Though it was ever so beautifully crafted, Buick’s Roadmaster wasn’t its flagship during the Thirties. The Limited had that honour however in a strange twist of fate, it would become the top of the line by default; after World War 2, Buick went back to building cars — but not the Limited — leaving the Roadmaster as the best model you could buy. It would remain the brands standard-bearer until the late Fifties when the name was retired.
The 1937 Series 80 was as grand as could be. Styling was a big factor in Buick’s resurgence in the decade thanks to the work of Harley J. Earl. He loved the streamlined look and Buick had it for ‘37; the Roadmaster’s lines were rounder and set off by a swept-back windshield, it had a fully integrated boot and massive horizontal-bar grilles. It had afforded a smooth ride and had a large comfortable leather interior that could easily accommodate six adults. Its 320.2 cubic inch inline over head valve eight-cylinder motor mated to a three-speed manual made 120bhp and it rode on a coil-spring independent front suspension with a live rear axle and semi-elliptical leaf-spring suspension.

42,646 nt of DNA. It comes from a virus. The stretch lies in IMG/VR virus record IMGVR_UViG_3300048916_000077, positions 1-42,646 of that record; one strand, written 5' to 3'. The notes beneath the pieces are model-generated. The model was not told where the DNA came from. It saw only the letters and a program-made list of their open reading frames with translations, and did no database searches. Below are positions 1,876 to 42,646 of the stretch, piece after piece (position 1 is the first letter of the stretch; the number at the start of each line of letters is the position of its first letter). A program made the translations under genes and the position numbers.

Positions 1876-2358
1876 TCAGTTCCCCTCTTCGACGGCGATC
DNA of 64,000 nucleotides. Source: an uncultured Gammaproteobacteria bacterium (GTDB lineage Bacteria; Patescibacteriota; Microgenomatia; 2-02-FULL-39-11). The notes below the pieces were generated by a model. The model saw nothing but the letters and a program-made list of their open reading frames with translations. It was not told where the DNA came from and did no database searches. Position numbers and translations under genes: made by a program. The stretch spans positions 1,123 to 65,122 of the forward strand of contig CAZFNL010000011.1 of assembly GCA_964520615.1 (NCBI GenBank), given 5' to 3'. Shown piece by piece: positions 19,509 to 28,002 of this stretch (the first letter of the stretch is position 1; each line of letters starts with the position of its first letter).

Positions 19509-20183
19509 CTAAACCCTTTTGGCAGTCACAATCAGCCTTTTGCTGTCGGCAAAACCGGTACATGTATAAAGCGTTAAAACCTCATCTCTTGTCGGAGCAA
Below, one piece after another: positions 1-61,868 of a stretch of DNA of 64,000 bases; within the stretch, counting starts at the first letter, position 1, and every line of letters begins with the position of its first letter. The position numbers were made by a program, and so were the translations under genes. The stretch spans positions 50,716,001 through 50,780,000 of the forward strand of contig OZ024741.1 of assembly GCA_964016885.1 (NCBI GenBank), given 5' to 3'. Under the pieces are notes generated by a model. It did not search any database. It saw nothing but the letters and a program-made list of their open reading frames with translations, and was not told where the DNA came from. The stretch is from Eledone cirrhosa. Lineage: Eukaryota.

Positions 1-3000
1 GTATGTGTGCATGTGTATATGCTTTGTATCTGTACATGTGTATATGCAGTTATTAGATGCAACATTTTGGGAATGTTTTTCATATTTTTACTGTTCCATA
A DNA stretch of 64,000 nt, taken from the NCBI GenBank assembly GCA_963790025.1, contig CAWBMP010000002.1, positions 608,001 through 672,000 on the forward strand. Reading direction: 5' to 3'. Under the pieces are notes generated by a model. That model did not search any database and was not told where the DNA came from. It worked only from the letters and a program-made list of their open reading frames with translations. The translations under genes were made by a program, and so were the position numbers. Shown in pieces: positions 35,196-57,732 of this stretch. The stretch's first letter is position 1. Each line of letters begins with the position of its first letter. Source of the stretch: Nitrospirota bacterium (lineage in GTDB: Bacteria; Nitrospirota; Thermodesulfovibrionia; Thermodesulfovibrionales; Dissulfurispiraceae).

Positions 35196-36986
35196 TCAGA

The Convertible Phaeton was the most expensive and rare Buick you could buy that year; just 1,064 units were produced making finding one today almost impossible.
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